‘At the end of the year, all your assessable incomes are added together, and all your deductions are added together. This adds up to your taxable income.   

‘If you’re employed, your employer must withhold some part of the wages payable and send it to the Australian Tax Office (ATO) as a tax contribution, in anticipation of the worker having a tax liability for the year,’ said Boccabella.  

It’s a process that applies to your first, second or even third job – meaning that if the payments to the tax office (also known as Pay-As-You-Go Withholding, or PAYGW) add up to more than the tax liability (AKA what you’re supposed to pay to the ATO), the taxpayer gets the excess back as a refund.   

‘You can even apply to have the PAYGWs lowered from your second job during the year, if you think that the amounts withheld are going to lead to an excess above your tax liability,’ Boccabella added.   

‘This means you don’t have to wait for the tax return to be lodged to get back the ‘excess tax’ contributed on money made from your side hustle income or second job.’  

The gig economy’s impact on the rise of side hustles  

Gig economy businesses that use the ‘independent contractor’ model, such as food delivery services Uber, Doordash and Lyft, or freelance platforms like Upwork or Airtasker, have given individuals the seemingly easy pathway to have a side job.  

‘Gig economy work gives examples of new business models and teaches consumers how to use and enjoy such services,’ says Dechter. ‘It opens the door to new businesses which can build on this knowledge.’  

But, added Boccabella, the relationship between the worker and party wanting work done has been fractious in recent times, with heated legal debate on workers’ rights and employer obligations.  

‘Quite different pay rates can arise depending on whether the relationship between the worker and the party they are doing work for is an employment relationship or an independent contractor relationship,’ he explained.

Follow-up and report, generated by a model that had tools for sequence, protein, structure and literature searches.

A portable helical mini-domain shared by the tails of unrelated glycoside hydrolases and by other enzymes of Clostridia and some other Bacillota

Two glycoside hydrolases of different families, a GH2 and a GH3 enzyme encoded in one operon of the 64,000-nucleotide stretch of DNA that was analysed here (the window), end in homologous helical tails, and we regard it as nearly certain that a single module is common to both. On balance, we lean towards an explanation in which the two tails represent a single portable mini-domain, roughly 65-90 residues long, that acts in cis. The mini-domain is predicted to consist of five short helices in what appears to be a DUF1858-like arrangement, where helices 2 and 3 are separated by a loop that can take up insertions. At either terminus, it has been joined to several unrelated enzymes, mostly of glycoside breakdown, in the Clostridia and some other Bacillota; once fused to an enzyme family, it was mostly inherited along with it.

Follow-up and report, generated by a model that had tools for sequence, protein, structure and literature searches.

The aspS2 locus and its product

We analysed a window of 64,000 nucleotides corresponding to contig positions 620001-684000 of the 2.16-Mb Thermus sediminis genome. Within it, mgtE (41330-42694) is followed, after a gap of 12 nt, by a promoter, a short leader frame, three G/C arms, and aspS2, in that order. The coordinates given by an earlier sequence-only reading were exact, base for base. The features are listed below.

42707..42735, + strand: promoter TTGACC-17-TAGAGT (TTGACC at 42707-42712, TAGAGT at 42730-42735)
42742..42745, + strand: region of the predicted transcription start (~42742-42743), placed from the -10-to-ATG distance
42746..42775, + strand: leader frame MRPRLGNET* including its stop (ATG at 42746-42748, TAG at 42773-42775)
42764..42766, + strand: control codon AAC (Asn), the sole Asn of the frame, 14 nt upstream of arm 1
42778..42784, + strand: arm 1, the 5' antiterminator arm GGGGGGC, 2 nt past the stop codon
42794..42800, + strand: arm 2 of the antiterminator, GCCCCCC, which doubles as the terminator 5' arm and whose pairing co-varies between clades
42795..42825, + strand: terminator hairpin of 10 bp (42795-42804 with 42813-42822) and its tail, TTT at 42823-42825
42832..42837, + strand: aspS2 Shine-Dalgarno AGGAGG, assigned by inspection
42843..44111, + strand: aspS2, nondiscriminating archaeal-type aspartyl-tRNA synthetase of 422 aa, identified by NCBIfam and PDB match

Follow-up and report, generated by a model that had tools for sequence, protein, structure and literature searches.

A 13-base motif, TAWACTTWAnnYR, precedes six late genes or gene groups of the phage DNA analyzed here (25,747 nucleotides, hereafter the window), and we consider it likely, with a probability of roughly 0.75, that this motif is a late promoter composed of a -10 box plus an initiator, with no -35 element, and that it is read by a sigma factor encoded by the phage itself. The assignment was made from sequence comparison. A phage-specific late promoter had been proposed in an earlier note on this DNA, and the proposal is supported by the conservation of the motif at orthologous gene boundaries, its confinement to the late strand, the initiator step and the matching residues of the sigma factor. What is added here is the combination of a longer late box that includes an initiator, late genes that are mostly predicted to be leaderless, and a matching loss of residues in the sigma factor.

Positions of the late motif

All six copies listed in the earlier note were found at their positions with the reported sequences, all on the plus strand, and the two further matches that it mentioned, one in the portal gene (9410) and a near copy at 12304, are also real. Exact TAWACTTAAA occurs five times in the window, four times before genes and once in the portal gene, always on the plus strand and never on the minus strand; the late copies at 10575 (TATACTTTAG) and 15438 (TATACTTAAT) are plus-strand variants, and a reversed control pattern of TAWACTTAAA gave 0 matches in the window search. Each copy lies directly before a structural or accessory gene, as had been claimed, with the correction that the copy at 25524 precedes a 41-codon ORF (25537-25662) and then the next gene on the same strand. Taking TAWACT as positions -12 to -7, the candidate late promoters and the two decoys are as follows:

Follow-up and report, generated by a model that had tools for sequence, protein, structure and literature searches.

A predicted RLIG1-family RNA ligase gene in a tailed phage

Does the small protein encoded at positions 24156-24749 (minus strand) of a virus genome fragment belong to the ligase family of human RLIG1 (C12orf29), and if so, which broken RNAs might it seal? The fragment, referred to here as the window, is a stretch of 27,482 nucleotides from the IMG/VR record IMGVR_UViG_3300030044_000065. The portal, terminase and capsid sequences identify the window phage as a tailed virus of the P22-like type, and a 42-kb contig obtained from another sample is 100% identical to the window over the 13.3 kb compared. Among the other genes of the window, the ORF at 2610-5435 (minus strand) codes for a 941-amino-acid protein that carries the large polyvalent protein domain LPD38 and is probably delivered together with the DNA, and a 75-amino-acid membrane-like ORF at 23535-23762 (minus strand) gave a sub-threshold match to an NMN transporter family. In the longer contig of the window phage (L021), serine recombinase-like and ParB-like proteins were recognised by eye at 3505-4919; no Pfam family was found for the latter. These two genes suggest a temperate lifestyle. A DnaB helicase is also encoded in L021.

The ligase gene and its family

‘For example, the payer may be under an obligation to make superannuation contributions for the worker.’  

Read: Yoga and science helping sax players keep calm and carry on

A side hustle can hit some legal roadblocks  

The Fair Work Commission, the Administrative Appeals Tribunal and the Courts are currently filled with cases dealing with the classification of the relationship between a worker and the party they are working for, said Boccabella.

‘There have been a number of high-profile cases concerning the delivery rider situation. A significant number of entitlements and payment obligations depend on the proper classification.

‘When the relationship breaks down (for example, the party does not want the worker’s services anymore), the worker often seeks legal advice, and the advice often is that the worker may in fact have been an employee or a deemed employee under particular legislation (such as the superannuation contributions regime).  

‘It’s an area of the law that is very complex and at times it is very hard to predict how a tribunal or court will decide the case,’ said Boccabella.  

Gig economy – an easy path to the side hustle? Photo: MART Productions/Pexels

Does the second job mean we’re becoming more like the US?  

According to the US Bureau of Labor Statistics, as of August 2022, 7,485,000 Americans have a second job. Commentators there have pointed to cost of living, inflation and a strong jobs market as some of the root causes

Referring to Australia, Dechter pointed out that small low risk business or a second pay stream can deliver much needed extra income to a household. But she added that holding a second job might not be a good sign for the overall Australian economy.  

‘In Australia, marginal tax rates increase more progressively than in the US, which implies that holding a second job is less profitable in Australia compared to there,’ she explained.  

‘This means that if we do observe more Australians taking more than one job and work more hours, it could suggest that the cost of living and economic insecurity have increased too much.’  

‘But with Australia’s tax rate scale to become flatter for a large number of taxpayers in 2024 (due to a legislated 30 per cent tax rate all the way from $45,000 to $200,000), the argument about lower profitability of a second job will weaken.’ 

Clearly, there is much to consider.

News & Content Coordinator for UNSW Business School. Freelance writer and creative mind.